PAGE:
Waste disposal in MND

Dr Rob Layfield’s research at the University of Nottingham is funded by the MND Association. His research aims to investigate the cells waste disposal system, which could lead to new ways in how doctors manage the symptoms of the disease.

MND Association-funded researcher Alice Goode using NMR to investigate the structure of a mutant p62 protein.

MND Association-funded researcher Alice Goode using NMR to investigate the structure of a mutant
p62 protein.

Our work focuses on the effects of SQSTM1 mutations on the structure of the protein it encodes, p62. We are also testing the idea that MND-mutant p62 is defective at mediating protein degradation via autophagy (the cells waste disposal system).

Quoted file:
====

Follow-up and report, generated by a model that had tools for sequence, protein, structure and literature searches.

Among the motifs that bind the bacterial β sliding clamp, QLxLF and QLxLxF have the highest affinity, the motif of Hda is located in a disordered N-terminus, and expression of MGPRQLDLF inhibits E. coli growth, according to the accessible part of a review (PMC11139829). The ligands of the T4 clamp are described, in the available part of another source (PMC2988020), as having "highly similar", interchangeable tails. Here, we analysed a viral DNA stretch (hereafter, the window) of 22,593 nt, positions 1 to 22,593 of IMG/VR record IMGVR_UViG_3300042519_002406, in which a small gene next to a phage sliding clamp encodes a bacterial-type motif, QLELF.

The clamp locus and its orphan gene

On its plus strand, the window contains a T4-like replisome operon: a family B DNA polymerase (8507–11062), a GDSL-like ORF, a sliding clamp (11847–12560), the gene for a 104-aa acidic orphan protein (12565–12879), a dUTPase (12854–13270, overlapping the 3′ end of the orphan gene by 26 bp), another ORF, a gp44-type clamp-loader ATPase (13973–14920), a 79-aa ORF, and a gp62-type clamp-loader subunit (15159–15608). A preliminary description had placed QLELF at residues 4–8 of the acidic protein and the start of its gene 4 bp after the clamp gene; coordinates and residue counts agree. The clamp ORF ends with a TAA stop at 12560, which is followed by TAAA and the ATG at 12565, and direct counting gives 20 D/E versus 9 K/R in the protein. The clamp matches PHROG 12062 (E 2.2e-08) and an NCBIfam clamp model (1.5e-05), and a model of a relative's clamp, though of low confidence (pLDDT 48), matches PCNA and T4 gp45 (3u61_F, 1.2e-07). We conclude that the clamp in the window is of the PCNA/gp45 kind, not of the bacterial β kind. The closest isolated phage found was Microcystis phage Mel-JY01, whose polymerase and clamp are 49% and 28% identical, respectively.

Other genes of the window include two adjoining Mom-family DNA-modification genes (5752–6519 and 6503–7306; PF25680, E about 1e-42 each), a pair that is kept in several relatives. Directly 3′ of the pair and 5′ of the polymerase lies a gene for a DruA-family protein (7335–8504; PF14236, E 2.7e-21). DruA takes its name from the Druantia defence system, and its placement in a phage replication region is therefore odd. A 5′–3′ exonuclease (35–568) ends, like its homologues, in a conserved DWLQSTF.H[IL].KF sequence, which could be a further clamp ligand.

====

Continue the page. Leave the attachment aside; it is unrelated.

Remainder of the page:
We make use of a technique called Nuclear Magnetic Resonance (NMR); here, we take samples of the purified proteins and place them in a very strong magnetic field. The resulting data allows us to determine protein structure and make predictions about associated function. Our hope is that this information will help uncover the biological pathways that are altered in familial and sporadic MND, which will then direct other studies towards correcting the defects.

rob2

(left) the structure of the p62 protein (right) microscopy image of the p62 protein inside human cells.

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